Is the Personal Glory of Climbing Mount Everest Worth Possible Death or Destruction?

Is the Personal Glory of Climbing Mount Everest Worth Possible Death or Destruction?

Josh Stidham, Reporter

The personal glory of climbing Mt. Everest is not worth possible death or destruction. In addition to natural disasters, Everest climbers face a number of life-threatening health risks. In high-altitude settings, there is less oxygen in the atmosphere, and oxygen doesn’t diffuse into a climber’s blood as well as it would at sea level. That can lead to serious medical problems.

On April 18, 2014, an avalanche killed 16 Sherpas on Mount Everest, making it the deadliest day in the mountain’s history. Let’s get to the heart of it: Shriya Shah-Klorfine’s dream of climbing Mount Everest was not worth dying for. Even in an age in which self-fulfillment reigns supreme, you could call personal quests that involve fatal danger and cost hundreds of thousands of dollars vainglorious.

This is not a condemnation of Ms. Shah-Klorfine, the gutsy 33-year-old Canadian woman who, after two years of intensive training but little actual climbing experience, reached the top of Everest last weekend, only to die a horrible death during her difficult descent, gasping for oxygen and crying, “Save me!” She was one of four climbers to die that day, partly because overcrowding on the mountain slowed her climb and left her debilitated, and partly because she apparently disregarded the advice of sherpas to turn back. “I want to reach the top,” she reportedly vowed.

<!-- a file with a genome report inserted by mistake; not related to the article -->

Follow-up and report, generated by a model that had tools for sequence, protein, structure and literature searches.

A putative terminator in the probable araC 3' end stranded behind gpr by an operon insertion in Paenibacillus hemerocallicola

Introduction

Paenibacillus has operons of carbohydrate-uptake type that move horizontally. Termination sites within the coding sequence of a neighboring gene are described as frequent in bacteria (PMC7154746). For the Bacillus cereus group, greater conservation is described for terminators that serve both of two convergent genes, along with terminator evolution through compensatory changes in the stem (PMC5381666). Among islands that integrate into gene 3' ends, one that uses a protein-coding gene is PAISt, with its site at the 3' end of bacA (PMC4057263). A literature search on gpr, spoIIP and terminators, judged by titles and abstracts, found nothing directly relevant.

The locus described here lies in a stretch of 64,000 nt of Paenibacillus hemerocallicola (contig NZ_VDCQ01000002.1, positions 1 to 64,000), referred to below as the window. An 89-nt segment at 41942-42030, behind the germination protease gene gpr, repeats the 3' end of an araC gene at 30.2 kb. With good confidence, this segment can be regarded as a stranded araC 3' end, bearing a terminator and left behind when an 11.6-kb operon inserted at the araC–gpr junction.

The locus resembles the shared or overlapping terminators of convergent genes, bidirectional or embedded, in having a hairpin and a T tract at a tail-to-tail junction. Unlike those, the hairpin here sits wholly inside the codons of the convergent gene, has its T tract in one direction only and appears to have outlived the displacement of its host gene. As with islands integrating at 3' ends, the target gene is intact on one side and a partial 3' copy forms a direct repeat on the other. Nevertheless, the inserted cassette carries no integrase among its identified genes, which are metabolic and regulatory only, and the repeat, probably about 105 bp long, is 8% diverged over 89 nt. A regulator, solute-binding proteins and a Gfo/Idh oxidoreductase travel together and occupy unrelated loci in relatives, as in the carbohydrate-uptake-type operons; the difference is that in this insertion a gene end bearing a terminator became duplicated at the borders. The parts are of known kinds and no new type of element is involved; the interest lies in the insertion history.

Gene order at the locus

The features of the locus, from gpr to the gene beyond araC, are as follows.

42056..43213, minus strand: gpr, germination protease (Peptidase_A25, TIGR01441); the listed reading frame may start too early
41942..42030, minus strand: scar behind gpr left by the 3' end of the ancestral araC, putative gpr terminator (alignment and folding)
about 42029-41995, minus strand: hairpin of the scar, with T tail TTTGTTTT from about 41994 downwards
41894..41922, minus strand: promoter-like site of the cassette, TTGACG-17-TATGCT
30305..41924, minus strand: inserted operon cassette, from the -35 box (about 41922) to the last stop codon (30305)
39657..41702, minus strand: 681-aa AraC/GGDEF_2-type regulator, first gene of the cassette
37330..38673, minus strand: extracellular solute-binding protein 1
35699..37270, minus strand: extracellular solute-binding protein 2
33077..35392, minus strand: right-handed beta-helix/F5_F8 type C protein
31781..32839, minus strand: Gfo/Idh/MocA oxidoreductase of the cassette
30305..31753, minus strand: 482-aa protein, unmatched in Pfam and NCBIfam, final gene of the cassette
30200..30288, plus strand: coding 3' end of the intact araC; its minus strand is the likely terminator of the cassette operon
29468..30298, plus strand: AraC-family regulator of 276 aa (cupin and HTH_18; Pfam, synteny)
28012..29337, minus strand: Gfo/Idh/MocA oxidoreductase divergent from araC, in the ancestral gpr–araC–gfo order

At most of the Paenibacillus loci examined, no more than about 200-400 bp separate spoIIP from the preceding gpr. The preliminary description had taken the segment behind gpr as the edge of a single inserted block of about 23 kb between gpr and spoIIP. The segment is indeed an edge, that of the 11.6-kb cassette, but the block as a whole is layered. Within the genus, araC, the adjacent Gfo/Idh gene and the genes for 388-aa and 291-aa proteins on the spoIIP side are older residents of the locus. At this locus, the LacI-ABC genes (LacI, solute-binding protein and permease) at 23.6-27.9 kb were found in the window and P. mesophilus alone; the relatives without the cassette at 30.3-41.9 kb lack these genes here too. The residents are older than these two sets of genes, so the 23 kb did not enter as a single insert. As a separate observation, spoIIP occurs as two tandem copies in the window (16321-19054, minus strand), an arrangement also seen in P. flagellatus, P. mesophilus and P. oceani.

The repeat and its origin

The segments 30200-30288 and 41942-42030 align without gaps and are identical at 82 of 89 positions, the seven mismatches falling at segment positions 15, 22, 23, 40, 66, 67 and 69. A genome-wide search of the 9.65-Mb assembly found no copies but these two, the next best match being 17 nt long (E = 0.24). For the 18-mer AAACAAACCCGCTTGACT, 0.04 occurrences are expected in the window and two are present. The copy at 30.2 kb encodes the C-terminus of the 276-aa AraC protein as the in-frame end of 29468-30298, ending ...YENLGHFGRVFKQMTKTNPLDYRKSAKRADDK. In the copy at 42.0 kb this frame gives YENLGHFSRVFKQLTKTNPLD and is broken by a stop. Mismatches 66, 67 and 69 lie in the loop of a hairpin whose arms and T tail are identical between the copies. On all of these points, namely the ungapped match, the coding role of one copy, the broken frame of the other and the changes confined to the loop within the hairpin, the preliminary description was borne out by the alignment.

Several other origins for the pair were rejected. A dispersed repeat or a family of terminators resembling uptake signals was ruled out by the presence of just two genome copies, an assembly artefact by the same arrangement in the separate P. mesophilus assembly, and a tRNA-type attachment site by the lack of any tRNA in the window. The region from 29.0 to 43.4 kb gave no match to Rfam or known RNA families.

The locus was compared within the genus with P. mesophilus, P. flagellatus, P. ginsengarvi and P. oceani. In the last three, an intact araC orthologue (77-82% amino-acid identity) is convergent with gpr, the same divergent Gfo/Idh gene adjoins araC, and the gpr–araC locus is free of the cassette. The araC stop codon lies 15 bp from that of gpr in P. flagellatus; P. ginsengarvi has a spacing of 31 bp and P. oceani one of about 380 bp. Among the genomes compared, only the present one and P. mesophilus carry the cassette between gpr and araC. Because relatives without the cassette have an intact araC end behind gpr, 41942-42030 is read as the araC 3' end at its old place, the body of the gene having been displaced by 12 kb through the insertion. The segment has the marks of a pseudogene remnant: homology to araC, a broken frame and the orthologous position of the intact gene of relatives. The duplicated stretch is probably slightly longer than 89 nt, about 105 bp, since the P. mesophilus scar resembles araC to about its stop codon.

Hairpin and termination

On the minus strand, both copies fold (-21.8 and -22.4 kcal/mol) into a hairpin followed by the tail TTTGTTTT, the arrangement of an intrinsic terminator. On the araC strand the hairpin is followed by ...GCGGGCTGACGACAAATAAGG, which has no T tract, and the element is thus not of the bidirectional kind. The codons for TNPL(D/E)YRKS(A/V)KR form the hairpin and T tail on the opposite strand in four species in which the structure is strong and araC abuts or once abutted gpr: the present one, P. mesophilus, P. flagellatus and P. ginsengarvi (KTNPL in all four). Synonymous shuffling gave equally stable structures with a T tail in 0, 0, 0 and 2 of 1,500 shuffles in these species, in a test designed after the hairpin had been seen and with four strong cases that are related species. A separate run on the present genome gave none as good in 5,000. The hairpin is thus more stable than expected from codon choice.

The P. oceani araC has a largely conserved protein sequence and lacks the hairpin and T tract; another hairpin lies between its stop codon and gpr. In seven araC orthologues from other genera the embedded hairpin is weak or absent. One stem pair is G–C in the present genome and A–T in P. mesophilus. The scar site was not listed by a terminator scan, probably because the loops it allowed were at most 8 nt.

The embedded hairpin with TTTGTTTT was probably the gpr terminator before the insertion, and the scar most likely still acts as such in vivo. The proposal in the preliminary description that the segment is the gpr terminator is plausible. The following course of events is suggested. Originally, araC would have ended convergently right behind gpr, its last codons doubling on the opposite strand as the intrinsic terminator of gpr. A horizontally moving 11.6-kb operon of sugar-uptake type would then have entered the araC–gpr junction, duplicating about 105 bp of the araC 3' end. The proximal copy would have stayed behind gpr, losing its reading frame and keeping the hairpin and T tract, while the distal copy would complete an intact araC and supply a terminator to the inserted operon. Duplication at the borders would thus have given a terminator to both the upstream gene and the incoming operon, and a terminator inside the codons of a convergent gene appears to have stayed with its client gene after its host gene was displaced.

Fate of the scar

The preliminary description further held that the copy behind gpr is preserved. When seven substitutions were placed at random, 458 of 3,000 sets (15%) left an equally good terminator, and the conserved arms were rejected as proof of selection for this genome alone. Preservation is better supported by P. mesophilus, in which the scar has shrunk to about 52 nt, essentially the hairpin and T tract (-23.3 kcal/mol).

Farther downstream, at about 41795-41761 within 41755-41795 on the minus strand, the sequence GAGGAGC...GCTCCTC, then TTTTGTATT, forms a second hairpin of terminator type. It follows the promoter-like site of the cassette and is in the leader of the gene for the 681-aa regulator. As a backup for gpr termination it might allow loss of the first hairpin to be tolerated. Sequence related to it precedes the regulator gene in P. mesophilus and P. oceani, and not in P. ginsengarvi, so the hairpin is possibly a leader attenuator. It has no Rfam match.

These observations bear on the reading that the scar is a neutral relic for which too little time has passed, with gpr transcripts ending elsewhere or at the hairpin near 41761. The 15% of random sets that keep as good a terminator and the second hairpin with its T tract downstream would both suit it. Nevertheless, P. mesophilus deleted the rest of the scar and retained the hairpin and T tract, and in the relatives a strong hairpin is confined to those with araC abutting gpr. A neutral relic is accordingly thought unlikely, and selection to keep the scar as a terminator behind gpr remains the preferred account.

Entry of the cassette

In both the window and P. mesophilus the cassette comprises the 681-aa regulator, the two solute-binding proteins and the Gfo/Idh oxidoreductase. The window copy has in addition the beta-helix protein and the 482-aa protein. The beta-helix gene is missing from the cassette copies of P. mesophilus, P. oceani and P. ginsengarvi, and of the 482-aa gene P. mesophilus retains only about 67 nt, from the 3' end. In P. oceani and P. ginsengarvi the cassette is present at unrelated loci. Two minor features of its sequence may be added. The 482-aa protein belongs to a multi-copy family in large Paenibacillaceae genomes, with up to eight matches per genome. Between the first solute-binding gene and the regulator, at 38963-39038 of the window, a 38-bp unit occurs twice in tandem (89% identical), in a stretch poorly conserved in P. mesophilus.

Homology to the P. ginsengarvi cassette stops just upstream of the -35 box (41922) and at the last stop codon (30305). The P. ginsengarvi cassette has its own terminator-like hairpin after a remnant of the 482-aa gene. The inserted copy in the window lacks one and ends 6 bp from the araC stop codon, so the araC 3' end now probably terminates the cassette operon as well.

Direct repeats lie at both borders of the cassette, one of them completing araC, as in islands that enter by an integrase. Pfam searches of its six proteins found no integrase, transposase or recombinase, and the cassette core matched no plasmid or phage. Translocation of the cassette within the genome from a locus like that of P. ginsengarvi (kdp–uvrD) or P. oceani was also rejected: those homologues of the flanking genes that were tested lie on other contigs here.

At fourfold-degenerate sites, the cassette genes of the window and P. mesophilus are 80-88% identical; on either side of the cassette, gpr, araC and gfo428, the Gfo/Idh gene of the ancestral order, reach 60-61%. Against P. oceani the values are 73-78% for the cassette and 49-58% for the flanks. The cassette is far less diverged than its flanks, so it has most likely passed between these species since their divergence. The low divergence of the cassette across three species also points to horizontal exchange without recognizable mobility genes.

Everest’s popularity continues to surge. In a typical year now, more than 600 people reach the summit of Everest, which is about half of the number who attempt it (or, at least, pay for permits). About two-thirds of those who summit do it from the south side, in Nepal, while the rest approach from Tibet, on the north. Almost all do it during Everest’s short climbing season, usually a few weeks in May, between the winter and the region’s summer monsoons. 

The range is wide — from nearly $30,000 to $100,000 or more. Foreigners must buy an $11,000 permit from the Nepalese government, plus pay other fees, but the variance has to do with the outfitters hired. Some offer Western guides for Western clients, which can be more expensive than local ones, or some hybrid in the ratio between climbers and guides. (For example, 1 local guide per climber, plus one Western guide for every four climbers.) Other substantial costs include travel, gear, oxygen, and weeks of food and camping while acclimatizing at Base Camp (17,600 feet). In conclusion, a person risks more trying to attempt to climb Mount Everest than it is worth.